It's not only people sleeping rough who struggle to access the internet, it's a big problem for people in temporary housing as well
Harvey has a social worker who has helped him to work with his local job centre.
Luckily he lives nearby, so transport is not an issue.
There are computers he can use there, although they are often already in use, and the nearby library only opens for limited hours.
Harvey doesn't have regular access to an email account, and therefore hasn't been able to add one to his CV for potential employers to get in contact.
As well as job applications and housing, Harvey has to apply for benefits online.
He hasn't got the regular access he needs to log in to his Universal Credit journal, and the job centre appointments come through online as well.
Harvey has already missed one appointment because he had no way of knowing about it, and without any phone credit or internet, there is no way of rescheduling it.
Anyone who misses too many appointments, has their benefits stopped and has to reapply.
Fortunately, Harvey is far from that point yet.
A government spokeswoman said: "A freephone telephone helpline is available for claimants to make and manage a Universal Credit claim, while home visits can be arranged in certain circumstances.
"The Help to Claim service provides additional support for those claiming benefits."
Harvey can't access universal credit on his phone, and has missed an appointment as a result
Dr Reisdorf's research has shown "a very strong correlation" between digital isolation and the most vulnerable people in our societies.
"We would call it a 'double whammy' - the people who are really in need of public services the most have a really hard time accessing them," she said.
Other than recognising the issue, Dr Reisdorf says the other way government can help is by promoting digital skills.
"Technology keeps moving forward at such a fast pace, and people keep falling behind.
"The fewer opportunities you have, the less opportunity you have to increase your skills.
"If you keep falling behind, it makes everything more frustrating."
Gerry was evicted from his house on Christmas Day last year and found himself homeless.
Thanks to the "generosity of friends", the 63-year-old, from Paignton in Devon, never found himself sleeping on the streets but had no permanent residence.
"I was applying for Universal Credit which is now all hi-tech - you can't just walk in," he said.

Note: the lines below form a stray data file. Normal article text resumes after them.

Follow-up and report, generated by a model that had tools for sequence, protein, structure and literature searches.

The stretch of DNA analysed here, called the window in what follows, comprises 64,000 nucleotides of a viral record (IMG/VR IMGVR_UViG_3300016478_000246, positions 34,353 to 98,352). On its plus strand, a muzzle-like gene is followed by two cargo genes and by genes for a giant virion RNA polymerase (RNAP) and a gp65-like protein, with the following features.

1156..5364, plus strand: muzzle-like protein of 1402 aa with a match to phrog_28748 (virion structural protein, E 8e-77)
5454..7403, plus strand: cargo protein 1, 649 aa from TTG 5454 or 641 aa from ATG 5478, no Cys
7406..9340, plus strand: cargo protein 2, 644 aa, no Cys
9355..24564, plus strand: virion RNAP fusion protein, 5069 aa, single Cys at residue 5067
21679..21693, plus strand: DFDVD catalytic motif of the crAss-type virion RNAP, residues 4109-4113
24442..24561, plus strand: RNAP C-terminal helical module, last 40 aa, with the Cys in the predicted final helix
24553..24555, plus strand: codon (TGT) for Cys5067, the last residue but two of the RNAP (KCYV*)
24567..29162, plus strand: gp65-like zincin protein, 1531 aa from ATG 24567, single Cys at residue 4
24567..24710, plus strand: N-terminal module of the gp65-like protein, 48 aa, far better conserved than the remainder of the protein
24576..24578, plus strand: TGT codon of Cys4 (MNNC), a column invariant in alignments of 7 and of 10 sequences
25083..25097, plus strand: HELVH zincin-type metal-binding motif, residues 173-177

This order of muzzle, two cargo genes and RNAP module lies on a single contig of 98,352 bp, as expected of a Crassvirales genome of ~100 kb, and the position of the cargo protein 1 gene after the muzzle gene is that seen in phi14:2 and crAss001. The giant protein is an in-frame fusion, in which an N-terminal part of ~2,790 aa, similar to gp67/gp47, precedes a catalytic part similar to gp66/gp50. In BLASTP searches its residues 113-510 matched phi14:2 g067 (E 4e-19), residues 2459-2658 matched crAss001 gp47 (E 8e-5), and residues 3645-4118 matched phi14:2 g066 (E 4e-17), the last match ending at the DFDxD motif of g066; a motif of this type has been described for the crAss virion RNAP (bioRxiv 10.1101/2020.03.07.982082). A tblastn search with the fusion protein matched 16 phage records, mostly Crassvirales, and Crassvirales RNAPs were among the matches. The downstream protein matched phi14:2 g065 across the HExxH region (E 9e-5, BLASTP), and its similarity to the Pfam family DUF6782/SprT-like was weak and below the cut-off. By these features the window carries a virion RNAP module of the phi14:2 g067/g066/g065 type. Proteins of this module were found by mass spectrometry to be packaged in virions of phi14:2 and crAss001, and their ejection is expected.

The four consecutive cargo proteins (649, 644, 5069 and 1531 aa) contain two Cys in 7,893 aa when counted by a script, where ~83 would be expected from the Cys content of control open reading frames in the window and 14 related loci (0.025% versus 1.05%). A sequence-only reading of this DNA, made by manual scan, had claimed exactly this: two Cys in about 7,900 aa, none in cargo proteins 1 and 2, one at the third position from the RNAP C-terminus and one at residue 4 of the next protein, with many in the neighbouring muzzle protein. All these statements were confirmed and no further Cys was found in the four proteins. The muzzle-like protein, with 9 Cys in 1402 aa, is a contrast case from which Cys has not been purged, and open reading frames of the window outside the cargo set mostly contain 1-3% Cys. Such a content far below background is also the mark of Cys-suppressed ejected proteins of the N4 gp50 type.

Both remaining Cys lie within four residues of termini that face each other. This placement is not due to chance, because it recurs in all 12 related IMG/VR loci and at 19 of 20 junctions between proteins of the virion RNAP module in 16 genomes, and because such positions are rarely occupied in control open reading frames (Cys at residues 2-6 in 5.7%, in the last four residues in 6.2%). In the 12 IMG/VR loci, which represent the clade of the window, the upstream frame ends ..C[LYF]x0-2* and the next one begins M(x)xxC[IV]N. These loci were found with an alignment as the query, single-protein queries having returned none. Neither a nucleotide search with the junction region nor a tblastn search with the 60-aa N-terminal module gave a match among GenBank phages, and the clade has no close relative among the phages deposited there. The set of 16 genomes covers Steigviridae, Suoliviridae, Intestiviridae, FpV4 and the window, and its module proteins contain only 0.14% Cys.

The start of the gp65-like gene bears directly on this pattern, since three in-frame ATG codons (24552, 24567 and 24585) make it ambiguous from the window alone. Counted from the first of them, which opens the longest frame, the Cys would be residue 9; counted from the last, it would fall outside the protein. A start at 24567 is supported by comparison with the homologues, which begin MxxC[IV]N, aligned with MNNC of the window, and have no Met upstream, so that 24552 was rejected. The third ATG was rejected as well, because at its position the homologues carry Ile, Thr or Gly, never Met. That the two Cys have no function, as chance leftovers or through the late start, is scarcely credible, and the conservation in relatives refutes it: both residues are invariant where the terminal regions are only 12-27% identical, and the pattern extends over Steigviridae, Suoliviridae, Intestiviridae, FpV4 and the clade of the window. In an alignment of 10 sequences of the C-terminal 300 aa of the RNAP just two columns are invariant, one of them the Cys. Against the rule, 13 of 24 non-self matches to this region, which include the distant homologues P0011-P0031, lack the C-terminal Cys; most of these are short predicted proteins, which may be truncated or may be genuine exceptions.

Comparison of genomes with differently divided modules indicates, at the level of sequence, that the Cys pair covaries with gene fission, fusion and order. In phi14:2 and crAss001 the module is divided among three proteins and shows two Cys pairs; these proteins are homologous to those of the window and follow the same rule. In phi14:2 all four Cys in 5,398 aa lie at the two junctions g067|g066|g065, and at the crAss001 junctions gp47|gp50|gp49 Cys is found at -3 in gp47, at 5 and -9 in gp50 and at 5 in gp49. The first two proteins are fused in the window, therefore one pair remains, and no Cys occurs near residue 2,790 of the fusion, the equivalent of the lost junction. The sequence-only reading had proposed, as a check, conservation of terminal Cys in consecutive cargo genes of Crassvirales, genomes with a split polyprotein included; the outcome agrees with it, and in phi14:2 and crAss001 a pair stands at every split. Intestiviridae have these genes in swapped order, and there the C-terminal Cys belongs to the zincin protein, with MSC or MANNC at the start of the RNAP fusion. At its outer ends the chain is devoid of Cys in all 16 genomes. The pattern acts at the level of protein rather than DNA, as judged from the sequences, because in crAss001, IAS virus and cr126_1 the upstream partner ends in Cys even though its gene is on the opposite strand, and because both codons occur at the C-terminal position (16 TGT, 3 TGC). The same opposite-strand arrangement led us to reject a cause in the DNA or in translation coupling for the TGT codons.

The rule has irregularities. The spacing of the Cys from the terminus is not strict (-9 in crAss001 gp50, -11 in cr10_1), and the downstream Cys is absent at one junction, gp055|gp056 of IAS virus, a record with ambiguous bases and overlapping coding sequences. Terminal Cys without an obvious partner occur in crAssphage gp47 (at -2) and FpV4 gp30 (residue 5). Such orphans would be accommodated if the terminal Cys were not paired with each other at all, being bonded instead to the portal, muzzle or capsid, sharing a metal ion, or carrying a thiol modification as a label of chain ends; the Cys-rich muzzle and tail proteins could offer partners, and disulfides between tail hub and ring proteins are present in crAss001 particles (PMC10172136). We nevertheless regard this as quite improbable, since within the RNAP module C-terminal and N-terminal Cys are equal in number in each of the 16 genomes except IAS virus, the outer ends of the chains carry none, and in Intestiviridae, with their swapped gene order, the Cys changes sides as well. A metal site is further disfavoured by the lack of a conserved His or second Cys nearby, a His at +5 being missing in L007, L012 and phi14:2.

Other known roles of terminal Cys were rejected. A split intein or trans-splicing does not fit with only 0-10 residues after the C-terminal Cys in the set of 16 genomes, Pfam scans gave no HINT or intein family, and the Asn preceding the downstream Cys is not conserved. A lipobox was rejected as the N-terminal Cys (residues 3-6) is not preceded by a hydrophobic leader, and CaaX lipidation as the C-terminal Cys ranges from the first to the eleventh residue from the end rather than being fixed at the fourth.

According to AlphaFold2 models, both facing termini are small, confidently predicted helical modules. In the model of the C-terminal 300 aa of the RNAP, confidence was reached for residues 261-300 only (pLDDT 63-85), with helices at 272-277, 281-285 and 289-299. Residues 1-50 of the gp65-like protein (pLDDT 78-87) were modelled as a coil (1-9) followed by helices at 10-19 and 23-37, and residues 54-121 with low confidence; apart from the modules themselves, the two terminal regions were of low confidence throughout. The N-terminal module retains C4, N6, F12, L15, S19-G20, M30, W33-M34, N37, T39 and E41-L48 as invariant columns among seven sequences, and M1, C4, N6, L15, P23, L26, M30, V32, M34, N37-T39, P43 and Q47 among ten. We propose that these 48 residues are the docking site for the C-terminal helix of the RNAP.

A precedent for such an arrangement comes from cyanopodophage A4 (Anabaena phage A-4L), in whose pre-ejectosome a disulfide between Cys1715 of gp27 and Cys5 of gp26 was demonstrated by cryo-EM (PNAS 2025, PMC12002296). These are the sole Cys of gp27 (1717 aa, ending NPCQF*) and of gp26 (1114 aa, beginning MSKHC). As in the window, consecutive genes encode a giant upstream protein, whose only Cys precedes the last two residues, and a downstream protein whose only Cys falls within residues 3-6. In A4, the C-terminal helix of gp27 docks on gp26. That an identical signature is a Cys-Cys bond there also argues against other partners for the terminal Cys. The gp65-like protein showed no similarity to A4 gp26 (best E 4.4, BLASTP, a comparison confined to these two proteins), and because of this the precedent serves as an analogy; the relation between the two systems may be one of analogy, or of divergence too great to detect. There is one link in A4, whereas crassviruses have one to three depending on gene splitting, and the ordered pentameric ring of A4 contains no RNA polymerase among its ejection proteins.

"Computers are available at the library, which is brilliant for people who can use computers, but the library staff will not give you any tuition because they're not paid to do that.
"I felt like I was standing naked in front of a computer, completely vulnerable and not knowing what's going on.
"The whole experience is disorienting, its dizzying - it's quite terrifying for people like myself."
Gerry said he was close to "sticking two fingers up to the computer screen" when he found a homeless shelter called Thrive.
"They really appreciated that there are people like me who are further disadvantaged when forced to use technology," he said.
The library is a great place to use the internet, although they often have limited hours, and aren't always nearby
Digital isolation is an issue that homeless charities are seeing become "widespread", as more and more lifeline services move online.
"My team use the internet every day to help people in one-to-one coaching sessions," said Fiona Smith, a progression manager at Crisis.
"But for people who are destitute, it's quite a significant challenge just to access basic services that should be open to everyone.
"Lots of temporary accommodation hostels have ICT suites in them, but many people who need these services are lacking the skills to be able to use them. It becomes a training issue."
Crisis provides weekly ICT training classes to educate people on how to use the internet safely, but accepted it was a "drop in the ocean" compared to the scale of the problem.